collection to the National Gallery, for which they accepted an annuity
worth a fraction of what the collection could bring at auction.
The Vogel Collection includes pieces by many of the
great artists, such as Andy Warhol, Chuck Close, Sol LeWitt, Robert
Smithson, Agnes Martin, Donald Judd and even Christo.
They accomplished all this even though they refused
to work with dealers and consultants. They instead relied on their
own taste, research and judgment. They focused on smaller pieces,
which could be purchased on installments or for just a few hundred
dollars. They were not motivated by the pursuit of wealth or prestige.
Their inspiration was simply a passionate and committed love for
But they don't fit the stereotype of great collectors.
The fact that they are a simple, middle-class couple from New York
City often receives greater focus than the collection that bears
Of Past Dreams," by Tyson Grumm. [photo by Todd Leninger,
courtesy: Froelick Gallery]
Another issue that confounds people who have little
or no experience with galleries is the mixed message surrounding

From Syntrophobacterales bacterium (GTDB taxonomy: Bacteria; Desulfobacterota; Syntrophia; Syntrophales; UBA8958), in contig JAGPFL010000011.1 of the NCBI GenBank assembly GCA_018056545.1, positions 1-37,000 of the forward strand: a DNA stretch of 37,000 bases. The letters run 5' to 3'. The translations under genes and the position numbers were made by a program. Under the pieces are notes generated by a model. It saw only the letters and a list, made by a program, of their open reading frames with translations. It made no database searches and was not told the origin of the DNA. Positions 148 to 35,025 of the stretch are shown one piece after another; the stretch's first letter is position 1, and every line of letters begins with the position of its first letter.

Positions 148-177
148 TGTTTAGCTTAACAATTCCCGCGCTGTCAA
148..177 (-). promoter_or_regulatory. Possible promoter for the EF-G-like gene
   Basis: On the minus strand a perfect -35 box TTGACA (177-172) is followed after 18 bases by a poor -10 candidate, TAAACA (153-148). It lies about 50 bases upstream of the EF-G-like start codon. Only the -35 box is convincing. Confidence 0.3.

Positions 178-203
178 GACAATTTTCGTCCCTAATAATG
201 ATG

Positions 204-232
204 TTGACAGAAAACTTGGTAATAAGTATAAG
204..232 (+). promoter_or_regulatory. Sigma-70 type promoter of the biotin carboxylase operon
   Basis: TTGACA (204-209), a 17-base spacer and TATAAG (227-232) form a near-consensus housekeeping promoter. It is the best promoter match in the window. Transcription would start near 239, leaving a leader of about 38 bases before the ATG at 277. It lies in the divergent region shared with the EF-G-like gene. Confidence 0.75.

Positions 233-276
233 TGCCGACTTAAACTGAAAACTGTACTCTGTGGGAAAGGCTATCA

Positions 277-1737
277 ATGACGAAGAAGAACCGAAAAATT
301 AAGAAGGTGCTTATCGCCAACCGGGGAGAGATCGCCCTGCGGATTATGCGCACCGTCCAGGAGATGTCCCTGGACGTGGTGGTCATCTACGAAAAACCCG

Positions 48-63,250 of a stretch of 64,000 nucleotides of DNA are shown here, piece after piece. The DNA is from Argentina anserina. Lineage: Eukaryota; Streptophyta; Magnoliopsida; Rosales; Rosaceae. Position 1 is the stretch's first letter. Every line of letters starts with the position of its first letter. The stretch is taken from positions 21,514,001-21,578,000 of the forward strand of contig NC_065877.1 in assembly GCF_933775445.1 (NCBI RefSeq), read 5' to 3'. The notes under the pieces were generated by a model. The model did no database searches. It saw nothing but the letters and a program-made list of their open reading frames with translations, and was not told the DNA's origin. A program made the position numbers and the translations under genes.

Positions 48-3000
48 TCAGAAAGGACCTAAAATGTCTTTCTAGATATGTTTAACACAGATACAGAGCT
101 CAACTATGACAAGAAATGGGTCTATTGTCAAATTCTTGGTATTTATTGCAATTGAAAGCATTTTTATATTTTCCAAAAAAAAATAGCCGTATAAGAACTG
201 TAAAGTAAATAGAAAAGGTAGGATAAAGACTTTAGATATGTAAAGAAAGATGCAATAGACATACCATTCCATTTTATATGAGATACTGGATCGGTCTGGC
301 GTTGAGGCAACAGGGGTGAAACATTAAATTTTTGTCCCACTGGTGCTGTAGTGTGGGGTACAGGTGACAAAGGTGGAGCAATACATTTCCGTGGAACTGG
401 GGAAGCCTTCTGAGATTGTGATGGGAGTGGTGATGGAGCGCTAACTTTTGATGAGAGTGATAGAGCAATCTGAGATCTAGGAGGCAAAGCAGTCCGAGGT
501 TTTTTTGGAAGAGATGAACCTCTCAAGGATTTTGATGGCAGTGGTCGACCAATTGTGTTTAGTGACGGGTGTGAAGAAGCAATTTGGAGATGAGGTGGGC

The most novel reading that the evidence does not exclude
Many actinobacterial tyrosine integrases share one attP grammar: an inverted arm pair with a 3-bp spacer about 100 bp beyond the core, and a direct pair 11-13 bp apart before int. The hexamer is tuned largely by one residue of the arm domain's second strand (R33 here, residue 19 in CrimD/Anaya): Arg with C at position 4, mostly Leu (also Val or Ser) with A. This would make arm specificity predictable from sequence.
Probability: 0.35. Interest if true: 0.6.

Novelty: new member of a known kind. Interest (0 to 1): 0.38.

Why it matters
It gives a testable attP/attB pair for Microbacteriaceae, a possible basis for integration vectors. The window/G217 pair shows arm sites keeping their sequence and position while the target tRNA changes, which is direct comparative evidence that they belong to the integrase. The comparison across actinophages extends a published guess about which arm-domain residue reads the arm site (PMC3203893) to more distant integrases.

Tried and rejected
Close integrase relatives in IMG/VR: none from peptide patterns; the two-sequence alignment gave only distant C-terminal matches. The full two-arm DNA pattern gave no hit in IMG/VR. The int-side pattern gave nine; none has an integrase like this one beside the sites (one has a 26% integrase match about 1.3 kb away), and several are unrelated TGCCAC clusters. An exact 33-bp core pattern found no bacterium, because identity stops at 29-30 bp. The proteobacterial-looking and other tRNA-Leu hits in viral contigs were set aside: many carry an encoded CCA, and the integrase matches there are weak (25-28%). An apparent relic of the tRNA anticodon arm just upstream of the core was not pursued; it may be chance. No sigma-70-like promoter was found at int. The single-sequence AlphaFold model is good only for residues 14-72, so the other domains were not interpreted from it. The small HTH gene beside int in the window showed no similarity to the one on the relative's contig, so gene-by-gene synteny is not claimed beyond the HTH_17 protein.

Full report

the economics of the business.
On a typical Portland First Thursday, many first-timers
will stroll from gallery to gallery and find themselves baffled
by some of the art. This often leaves the novice puzzled about how
art gets priced. They may find a piece in one gallery for $500 and
another that has a similar style in a different gallery for $5,000.
Regardless of the reasons, this can make that novice
feel a bit uneasy even suspicious if they don't have
the opportunity to ask the right questions and get the right answers.
The popular media focuses on art appreciation in terms
of the monetary value of art rather than its esthetic value. The
huge prices paid at auction for a select few pieces get plenty of
attention in the press. However, we seldom hear how much one of
those pieces originally sold for decades or centuries earlier.
A recent discussion on CNBC centered on the new Art
Index Funds being created by asset managers. We also see stories
about prominent businesspeople who donate a portion of their large
collections to museums. What we never read about are many less prominent,
middle-income people who offer important collections to museums.
The Vogels are the rare exception to this rule.
In Portland, unlike in larger cities, one doesn't
need lots of money to afford a very nice personal collection. Local
galleries do a good job making art accessible to anyone who has
even modest amounts of disposable income. Many local galleries have
liberal layaway policies that help new customers start collecting.